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No-Confidence Vote Spreads To Other UW Campuses

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Faculty at UW-Madison will take up a no-confidence vote against UW System President Ray Cross and the UW Board of Regents at their monthly meeting Monday.

Update: Since UW-Madison's faculty senate passed its no-confidence vote last week, campus leaders at UW-Milwaukee, UW-River Falls and UW-La Crosse have approved similar measures of their own.

Original post, May 2: Faculty leaders at the University of Wisconsin System's flagship campus approved a no-confidence vote Monday. 

UW-Madison's Faculty Senate - comprised of 220 professors from various departments - discussed the resolution at its monthly meeting. The vote was a symbolic gesture, a statement that in the senate's opinion, UW System President Ray Cross and the governing UW Board of Regents are no longer fit to hold their positions. 

Faculty leaders are targeting Cross and the Regents following recent policy decisions made regarding tenure and budget cuts.

The Regents approved sweeping changes to the UW System's tenure protections last month, replacing the state tenure law that Republican lawmakers scrapped in the most recent state budget.

Higher ed interests say the move weakened a tenure policy that had previously been one of the strongest in the country. Many UW professors argue that the changes will damage the system's reputation, preventing their schools from attracting and retaining top faculty. 

Cross also came under fire last month when he canceled a series of presentations from individual campus leaders about how their schools planned to respond to legislative budget cuts.

Lawmakers slashed UW System funding by $250 million during the most recent budget cycle. 

UW-Madison Sociology Professor Chad Alan Goldberg introduced the no-confidence measure. In his resolution, he wrote that "the erosion of tenure and shared governance in conjunction of budget cuts is likely to have a disproportionately negative impact on faculty who are already most marginalized and/or engaged in politically controversial research."

UW-Madison Chancellor Rebecca Blank previously advised against a no-confidence vote. In a blog post last week, she called the move "counterproductive," and warned it could cause more harm than good: 

"I do not see any positive outcome from such an expression and believe there is a risk of substantial negative effects. Such a vote would put the UW-Madison faculty in opposition to our governing board, with which we w0rk closely and must have a positive relationship. UW-Madison makes requests of the Regents monthly, needing their approval of a host of activities...I believe it will only reduce support for us at a time we need to communicate our value to the citizens of Wisconsin as strongly as possible."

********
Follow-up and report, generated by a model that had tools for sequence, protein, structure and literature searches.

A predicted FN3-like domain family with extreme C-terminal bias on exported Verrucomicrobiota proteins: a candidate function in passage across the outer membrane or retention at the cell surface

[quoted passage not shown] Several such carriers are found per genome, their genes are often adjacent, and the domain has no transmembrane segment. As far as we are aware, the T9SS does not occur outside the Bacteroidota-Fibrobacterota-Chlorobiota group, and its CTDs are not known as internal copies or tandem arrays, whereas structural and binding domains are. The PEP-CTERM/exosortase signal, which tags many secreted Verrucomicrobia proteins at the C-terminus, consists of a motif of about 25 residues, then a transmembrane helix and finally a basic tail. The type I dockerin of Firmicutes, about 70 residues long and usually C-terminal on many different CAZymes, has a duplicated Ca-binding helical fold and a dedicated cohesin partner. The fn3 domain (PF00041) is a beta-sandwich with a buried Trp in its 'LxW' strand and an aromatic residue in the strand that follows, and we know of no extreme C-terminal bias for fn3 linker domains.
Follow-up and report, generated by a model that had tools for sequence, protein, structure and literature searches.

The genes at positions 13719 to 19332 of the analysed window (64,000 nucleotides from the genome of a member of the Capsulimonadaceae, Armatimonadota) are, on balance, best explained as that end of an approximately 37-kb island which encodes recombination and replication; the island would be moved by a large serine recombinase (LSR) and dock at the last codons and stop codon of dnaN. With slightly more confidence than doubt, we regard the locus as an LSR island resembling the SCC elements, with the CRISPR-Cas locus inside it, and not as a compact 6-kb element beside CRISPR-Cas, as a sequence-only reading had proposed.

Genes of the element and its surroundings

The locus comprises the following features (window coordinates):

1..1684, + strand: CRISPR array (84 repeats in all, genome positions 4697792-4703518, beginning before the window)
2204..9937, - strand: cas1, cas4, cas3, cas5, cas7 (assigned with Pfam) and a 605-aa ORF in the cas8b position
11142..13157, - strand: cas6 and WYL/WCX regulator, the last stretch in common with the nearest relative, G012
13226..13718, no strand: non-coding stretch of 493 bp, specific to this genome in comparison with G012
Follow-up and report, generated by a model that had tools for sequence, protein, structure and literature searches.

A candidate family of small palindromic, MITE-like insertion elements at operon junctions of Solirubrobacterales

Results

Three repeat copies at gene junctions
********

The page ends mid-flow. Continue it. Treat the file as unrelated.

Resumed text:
Several Republican lawmakers also voiced their concerns ahead of the vote, claiming faculty are overreacting to tenure changes. It's been suggested that a no-confidence vote could have repercussions in the state Capitol, as lawmakers prepare new budget discussions for the upcoming legislative session next year. 

Assembly Majority Leader Jim Steineke (R-Kaukauna) said in a statement that the resolution "shows an arrogance that doesn't serve the University or its students well."

"The Legislature passed some modest changes that aligned the system/state relationship with the rest of the nation," Steineke continues. "These changes should not be used to retaliate against President Ray Cross or the UW Board of Regents whose leadership and vision for the UW System is exactly what we need during this time."

Faculty at other UW System campuses have said they would likely follow Madison's lead with their own no-confidence votes.

Resolutions similar to Goldberg's have been introduced at UW-River Falls and UW-Milwaukee, where a discussion is expected next week. 

Members of the American Federation of Teachers union and Wisconsin Higher Education Council have also created a change.org petition, where other UW System community members and Wisconsin residents can express their opinions about System leadership. 

"My fellow union members and I will continue to advocate strongly for UW-Milwaukee and the UW System," said Richard Leson, an associate professor of art history at UW-Milwaukee and president of the local AFT union, in a statement. "We should expect no less from the UW System President and Board of Regents."

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